One of the least appreciated aspects of a carving knife is a wide, rounded spine. This is so central to long-term comfort when carving that we don't even notice it.
Until it isn't there.
It turns out, most knives aren't made this way. They are not designed to be used with the thumbs on the spine of the blade. I first noticed this when I went back to my Mora classic after finally getting a Mora 106 back in the day. I hadn't had any point of comparison before, but the Mora classic blade, I realized, was thinner than that of the 106. And the edges were also sharp whereas the 106 had been softened.
At first I didn't know what to do, passively assuming that it just was what it was.
And while that is true for the width (nothing to be done there), I quickly realized that I had it within my power to soften the edges. I just took some sandpaper, went at it, and in five minutes or less they were nice and round.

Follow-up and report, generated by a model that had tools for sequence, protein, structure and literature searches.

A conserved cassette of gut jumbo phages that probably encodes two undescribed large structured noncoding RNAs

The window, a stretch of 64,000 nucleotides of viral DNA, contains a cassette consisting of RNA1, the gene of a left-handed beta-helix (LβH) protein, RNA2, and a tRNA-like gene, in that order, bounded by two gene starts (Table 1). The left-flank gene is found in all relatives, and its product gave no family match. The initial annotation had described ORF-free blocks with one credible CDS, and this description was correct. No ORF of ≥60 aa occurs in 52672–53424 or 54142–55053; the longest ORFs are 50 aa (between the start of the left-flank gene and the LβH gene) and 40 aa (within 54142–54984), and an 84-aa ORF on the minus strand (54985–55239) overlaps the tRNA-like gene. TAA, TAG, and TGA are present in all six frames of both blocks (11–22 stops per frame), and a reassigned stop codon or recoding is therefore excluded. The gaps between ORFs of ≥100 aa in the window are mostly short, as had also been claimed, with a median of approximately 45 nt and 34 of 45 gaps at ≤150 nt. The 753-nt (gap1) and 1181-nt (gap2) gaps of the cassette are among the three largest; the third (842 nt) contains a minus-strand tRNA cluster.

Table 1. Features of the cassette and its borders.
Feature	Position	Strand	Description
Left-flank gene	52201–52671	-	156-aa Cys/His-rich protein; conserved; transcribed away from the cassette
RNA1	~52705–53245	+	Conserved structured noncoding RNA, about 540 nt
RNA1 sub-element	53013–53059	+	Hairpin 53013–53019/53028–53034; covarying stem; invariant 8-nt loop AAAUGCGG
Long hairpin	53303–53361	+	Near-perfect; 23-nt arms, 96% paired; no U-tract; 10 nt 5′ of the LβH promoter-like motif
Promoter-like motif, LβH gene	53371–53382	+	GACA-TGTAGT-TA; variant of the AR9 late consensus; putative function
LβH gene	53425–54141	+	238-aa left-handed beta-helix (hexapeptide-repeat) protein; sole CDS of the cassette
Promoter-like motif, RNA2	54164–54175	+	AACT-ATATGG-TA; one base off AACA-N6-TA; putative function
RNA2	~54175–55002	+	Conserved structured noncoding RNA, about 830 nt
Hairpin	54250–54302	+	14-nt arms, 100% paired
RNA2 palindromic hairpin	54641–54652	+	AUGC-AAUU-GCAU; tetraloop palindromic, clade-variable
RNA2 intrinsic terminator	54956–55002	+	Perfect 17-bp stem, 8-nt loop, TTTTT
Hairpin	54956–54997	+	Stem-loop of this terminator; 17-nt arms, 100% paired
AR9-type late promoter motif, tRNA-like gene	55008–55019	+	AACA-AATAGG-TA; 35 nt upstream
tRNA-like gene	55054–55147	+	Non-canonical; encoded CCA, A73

This same trick can be used on inside bevel hooks, which over repeated sharpening will form a sharp corner on the inside edge of the spine. This can be harsh on your forefinger that rests against the spine of the hook when in use, but a few minutes with some sandpaper will soon make it better.
Sometimes what holds us back is what we don't know. Sometimes what holds us back is knowing something but assuming there is nothing we can do about it.
Now you know. And you know what to do.
My blog has evolved into a series of short essays on the nature of entrepreneurship, craftsmanship, and their overlap. If either of these topics is something you think about, you will probably like this.